As part of its ongoing inspection program, Environment Protection Authority Victoria (EPA) will visit waste tyre storage and processing sites in Melbourne’s north-west this week to ensure businesses are managing their fire risks.
EPA will partner with the Metropolitan Fire Brigade (MFB), Brimbank City Council, Hume City Council and the City of Whittlesea to target high risk sites.
EPA Metro Manager, Dan Hunt said EPA was continuing to conduct inspections of waste tyre sites with relevant councils and MFB, as co-regulators, in an effort to coordinate compliance and enforcement activities.
“Tyre stockpile fires are particularly difficult to control and generate hazardous smoke, but simple preventative measures can be implemented to reduce the risk of fire and minimise impacts. MFB has produced some clear simple guidance to help businesses prevent these risks,” he said.
“Earlier this year, we saw these impacts firsthand when a tyre fire at a recycling facility in Broadmeadows created very poor air quality conditions in the local area.
“Tyre fires can also be complex to deal with and potentially lead to significant environmental impacts during and post emergency response. They can also present considerable clean-up costs.”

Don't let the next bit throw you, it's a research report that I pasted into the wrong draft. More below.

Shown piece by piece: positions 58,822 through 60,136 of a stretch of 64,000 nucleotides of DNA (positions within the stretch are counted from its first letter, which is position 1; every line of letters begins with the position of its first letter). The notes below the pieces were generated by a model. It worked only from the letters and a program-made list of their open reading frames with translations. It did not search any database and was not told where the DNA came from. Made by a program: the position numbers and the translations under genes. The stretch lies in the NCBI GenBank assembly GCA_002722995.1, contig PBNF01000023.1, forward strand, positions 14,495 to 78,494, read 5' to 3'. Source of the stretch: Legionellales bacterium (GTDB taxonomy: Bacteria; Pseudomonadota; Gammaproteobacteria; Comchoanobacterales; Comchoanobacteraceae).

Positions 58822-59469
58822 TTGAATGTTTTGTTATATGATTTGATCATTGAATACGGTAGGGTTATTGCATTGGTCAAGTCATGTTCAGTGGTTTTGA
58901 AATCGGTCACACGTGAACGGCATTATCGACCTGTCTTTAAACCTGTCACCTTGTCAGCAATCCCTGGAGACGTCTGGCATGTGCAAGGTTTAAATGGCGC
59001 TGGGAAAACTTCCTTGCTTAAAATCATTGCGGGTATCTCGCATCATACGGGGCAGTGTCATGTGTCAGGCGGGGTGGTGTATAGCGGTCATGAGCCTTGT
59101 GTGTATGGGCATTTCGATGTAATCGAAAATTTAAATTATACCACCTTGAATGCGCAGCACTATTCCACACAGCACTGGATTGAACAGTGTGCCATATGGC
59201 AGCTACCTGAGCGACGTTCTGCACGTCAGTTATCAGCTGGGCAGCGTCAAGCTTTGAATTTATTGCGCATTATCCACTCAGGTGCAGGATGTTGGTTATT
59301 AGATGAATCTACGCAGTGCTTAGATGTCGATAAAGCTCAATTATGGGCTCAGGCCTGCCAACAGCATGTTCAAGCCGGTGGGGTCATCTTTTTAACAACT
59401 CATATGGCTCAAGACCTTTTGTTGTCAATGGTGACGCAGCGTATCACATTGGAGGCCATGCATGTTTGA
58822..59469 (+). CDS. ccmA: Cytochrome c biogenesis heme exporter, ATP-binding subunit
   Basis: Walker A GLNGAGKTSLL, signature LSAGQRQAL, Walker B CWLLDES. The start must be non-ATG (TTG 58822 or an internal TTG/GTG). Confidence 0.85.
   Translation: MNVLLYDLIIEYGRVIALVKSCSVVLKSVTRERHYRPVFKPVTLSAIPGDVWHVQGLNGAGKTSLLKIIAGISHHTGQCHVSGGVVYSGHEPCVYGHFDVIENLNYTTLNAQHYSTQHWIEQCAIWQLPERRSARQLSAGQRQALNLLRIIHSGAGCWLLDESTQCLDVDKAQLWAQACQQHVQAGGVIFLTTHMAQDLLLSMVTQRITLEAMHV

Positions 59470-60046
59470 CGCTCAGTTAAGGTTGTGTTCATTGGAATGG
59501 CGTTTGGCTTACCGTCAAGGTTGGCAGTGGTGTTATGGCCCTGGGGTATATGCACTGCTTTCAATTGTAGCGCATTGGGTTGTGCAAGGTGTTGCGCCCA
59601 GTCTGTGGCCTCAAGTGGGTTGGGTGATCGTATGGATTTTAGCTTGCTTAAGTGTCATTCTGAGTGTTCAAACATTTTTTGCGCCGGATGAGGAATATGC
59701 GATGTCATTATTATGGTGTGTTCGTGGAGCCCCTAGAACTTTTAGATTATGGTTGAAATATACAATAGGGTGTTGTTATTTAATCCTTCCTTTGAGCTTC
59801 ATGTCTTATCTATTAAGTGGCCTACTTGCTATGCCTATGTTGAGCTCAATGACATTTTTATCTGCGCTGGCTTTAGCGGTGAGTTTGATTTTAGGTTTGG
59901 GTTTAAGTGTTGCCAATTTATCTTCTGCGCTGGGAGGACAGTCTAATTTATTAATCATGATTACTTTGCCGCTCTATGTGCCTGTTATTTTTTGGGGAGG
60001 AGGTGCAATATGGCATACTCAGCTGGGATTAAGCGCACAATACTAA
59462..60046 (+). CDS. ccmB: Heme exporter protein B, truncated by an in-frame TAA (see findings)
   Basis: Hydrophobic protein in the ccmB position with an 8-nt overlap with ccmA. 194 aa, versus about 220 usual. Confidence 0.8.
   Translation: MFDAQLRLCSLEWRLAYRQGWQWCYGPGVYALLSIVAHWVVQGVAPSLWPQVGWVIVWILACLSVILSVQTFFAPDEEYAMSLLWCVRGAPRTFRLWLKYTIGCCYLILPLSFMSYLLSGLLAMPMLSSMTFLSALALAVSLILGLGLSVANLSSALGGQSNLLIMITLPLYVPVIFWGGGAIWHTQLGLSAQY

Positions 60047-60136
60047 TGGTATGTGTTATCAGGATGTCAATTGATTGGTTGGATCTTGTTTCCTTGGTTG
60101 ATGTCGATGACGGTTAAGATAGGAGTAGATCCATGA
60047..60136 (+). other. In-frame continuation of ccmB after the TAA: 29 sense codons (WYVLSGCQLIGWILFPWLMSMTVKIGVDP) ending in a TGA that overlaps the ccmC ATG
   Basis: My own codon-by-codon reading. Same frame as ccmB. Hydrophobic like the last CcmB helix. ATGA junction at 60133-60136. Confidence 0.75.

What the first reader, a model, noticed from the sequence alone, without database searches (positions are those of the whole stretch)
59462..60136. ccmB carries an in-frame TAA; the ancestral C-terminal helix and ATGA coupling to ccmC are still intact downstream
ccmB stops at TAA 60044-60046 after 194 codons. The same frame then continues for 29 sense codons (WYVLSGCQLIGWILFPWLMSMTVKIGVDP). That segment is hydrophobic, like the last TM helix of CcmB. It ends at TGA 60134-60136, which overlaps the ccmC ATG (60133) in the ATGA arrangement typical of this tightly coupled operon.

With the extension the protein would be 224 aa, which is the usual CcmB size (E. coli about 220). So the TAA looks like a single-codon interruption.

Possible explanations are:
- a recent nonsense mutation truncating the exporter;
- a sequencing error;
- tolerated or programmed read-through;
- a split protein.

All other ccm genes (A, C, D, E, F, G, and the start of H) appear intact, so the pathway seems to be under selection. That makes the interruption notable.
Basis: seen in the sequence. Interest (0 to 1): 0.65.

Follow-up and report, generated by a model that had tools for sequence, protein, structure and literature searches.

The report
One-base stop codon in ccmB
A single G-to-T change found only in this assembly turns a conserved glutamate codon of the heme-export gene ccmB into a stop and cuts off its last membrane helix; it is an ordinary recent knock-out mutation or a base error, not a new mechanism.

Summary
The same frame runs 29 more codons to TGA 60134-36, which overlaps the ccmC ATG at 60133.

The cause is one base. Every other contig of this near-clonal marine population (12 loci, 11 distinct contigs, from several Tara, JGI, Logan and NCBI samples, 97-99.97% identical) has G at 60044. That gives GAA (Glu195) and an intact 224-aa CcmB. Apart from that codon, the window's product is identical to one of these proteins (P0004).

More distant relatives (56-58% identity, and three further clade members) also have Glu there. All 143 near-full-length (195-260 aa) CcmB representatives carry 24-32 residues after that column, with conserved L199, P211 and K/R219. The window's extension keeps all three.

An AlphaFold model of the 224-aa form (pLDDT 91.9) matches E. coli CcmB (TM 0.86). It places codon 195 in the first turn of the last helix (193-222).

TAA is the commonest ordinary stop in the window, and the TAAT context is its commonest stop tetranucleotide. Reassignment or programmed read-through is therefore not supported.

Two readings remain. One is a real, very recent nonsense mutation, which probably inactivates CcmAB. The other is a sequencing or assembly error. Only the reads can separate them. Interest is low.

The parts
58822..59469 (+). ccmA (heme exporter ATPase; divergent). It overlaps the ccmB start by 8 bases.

“To reduce the fire risk, EPA is working proactively with the MFB and councils, as the relevant authorities for fire prevention, to conduct joint inspections and address any onsite hazards.”
Non-compliant site operators may be served with EPA remedial notices or Council Fire Prevention Notices requiring them to address any concerns identified. Where appropriate, EPA will apply sanctions in accordance with its Compliance and Enforcement Policy.
From Paul Stacchino, Acting Chief Officer, MFB:
MFB’s Acting Chief Officer Paul Stacchino said that these inspections were both timely and necessary from a community and firefighter safety perspective.
“MFB will be partnering with EPA and local authorities to ensure that we identify fire risks at industrial sites, and we will work with facility owners and operators to minimise and eliminate factors that may pose a threat to both firefighter and community safety.”